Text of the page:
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Dilbert and Dogbert look at a holograph of a flower bouquet. Dilbert says, "The big advantage of my holographic flower invention is that you get infinite simulated bouquets." Dilbert continues, "You can give it to a girlfriend and program it to change on all special occasions." Dilbert says, "Just think of the money you can save over a relationship." Dogbert asks, "By never having a second date?"
Dilbert sits at his desk. Dilbert says, "There . . . My program proves that pretty women have extremely bad personalities." Dilbert continues, "This is based on the input that pretty women are never nice to me." Dogbert asks, "Why does the screen say 'or you are a geek?'" Dilbert replies, "Darn! I thought I fixed that bug."
Dogbert holds up a newspaper and says to Dilbert, "Look! I've created the world's first completely reusable newspaper." Dilbert reads from the newspaper, "Pope denounces violence . . . Home prices rise . . . Unrest in the Mideast . . ." Dogbert says, "Generic news!" Dilbert reaches into his pocket and asks, "How much?" Dogbert holds out his paw and says, "A thousand bucks. You'll never need another one."
Dilbert opens a jewelry box and asks Dogbert, "Do you like these earrings I bought for Mom's birthday?" Dogbert asks, "What kind of stones are they?" Dilbert answers, "Amethyst." Dogbert says, "Didn't they have any that believe in God?" Dilbert says, "I don't get it." Dogbert walks away saying, "Puns! Never apologize, never explain."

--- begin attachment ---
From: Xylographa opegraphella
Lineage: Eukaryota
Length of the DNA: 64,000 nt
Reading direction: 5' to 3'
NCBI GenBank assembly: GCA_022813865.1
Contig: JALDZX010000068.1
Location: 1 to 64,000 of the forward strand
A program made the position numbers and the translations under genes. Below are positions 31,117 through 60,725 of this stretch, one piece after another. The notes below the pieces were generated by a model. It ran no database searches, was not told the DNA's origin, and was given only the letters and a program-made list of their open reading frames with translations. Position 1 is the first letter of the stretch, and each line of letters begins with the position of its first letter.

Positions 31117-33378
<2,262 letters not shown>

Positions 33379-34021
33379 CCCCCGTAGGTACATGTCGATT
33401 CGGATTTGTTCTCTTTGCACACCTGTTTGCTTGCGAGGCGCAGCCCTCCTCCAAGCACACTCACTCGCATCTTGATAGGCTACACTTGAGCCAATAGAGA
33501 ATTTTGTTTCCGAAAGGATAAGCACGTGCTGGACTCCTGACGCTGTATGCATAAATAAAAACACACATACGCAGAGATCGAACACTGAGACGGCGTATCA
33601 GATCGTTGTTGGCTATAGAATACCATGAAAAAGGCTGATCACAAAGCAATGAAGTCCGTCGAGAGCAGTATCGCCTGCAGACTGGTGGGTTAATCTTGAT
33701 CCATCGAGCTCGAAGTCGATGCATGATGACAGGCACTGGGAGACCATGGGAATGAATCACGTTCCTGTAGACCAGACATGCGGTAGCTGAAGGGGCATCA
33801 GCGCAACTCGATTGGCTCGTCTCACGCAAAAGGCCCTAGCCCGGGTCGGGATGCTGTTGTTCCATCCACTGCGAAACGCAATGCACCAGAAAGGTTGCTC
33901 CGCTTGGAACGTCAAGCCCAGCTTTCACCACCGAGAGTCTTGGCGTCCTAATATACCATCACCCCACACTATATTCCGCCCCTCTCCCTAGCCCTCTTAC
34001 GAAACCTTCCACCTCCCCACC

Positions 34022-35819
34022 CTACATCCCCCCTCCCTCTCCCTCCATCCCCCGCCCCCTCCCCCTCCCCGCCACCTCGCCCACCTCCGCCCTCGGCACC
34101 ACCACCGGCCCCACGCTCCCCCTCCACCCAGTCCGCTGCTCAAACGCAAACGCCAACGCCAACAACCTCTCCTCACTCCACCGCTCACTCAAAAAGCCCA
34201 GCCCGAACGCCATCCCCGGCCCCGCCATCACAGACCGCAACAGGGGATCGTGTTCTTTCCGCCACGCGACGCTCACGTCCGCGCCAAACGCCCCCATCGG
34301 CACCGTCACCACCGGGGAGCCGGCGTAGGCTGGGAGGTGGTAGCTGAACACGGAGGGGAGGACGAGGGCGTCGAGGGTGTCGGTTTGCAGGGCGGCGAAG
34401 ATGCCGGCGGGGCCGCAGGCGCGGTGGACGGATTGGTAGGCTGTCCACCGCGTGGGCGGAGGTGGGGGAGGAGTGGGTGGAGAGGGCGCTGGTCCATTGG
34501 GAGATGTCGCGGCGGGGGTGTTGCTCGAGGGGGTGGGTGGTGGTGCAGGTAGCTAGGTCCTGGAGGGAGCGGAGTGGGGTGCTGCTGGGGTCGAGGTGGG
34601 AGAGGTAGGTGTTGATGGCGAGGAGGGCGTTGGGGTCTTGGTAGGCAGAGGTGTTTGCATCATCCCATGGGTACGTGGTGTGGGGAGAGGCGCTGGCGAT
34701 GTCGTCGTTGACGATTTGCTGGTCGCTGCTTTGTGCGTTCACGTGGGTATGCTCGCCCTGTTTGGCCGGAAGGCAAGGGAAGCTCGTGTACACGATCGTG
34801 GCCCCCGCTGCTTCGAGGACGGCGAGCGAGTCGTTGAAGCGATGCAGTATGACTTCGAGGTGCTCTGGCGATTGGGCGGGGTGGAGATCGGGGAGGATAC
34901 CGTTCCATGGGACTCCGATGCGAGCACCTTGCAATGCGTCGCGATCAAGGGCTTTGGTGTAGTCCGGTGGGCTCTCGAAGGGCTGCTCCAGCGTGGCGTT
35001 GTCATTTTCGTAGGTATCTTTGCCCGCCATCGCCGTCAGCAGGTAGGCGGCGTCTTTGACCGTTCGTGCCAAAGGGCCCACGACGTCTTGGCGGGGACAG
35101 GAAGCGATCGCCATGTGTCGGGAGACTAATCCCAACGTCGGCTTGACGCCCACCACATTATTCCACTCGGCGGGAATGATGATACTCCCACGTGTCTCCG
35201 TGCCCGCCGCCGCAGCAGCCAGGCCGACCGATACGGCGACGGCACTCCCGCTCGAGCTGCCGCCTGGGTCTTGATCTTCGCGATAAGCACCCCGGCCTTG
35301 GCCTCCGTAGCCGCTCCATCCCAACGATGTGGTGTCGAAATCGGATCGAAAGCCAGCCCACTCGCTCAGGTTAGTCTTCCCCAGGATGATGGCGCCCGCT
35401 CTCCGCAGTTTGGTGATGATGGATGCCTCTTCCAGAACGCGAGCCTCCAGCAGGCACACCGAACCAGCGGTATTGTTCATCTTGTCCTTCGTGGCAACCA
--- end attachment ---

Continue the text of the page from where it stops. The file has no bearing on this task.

Dilbert picks up a ringing phone. Dilbert says, "Hello." The voice on the phone says, "This is Helen. We've never met but don't even THINK of asking me for a date . . . ever." Helen hangs up. Dilbert says to Dogbert, "Women got first-strike capability." Dogbert says, "Surrender."
Dogbert stands at a table wearing a chef's hat. He says to Dilbert, "You're just in time to taste my new cake." Dilbert says, "Yum." Dilbert eats the cake and says, "Great cake, but shouldn't it have frosting?" Dogbert replies, "Oh no! Frosting is very bad for you." Dilbert walks away saying, "Gee, I never knew that frosting was bad for me." Dogbert says, "That's why I licked it all off."
Dilbert lies on a couch in a psychiatrist's office. As the therapist takes notes, Dilbert says, ". . . And it seems like I've always been afraid of moths . . ." The psychologist asks, "Could this fear be related to your insecurity about your looks?" Dilbert replies, "I've never been insecure about my looks . . ." Dilbert continues, "Until this moment . . ." The doctor says, "Now we're getting someplace."
Dilbert walks down the hall thinking, "Sometimes I feel like a kid in an adult's body, hoping nobody notices." Dilbert thinks, "It's as if I stopped maturing and just started faking it after age fourteen." Dilbert passes a woman and thinks, "I'll bet women never feel that way." The woman thinks, "Cooties."
Dilbert and Dogbert sit outdoors. Dilbert says, "And another of life's mysteries is, why do they call it the 'Great Wall of China?'" Dilbert continues, "It never really kept any invading armies out . . . Kind of a dismal flop from an engineering perspective." Dogbert says, "I don't think 'The Dismal Flop of China' would have the same tourist appeal." Dilbert replies, "I wouldn't pay to see it."
A large man enters Dilbert's cubicle and says, "Yo, Dilbert, give me your lunch money or I'll erase your data diskettes." Dilbert replies, "Touch my data and I'll erase any mention of you from the main payroll computer." Beads of sweat flies from the man's head and he says, "No . . . Please, I'm sorry." Dilbert turns toward the reader and says, "Nothing is more pathetic than an aging school bully." The man says, "I took shop; I can make you some nice bookends."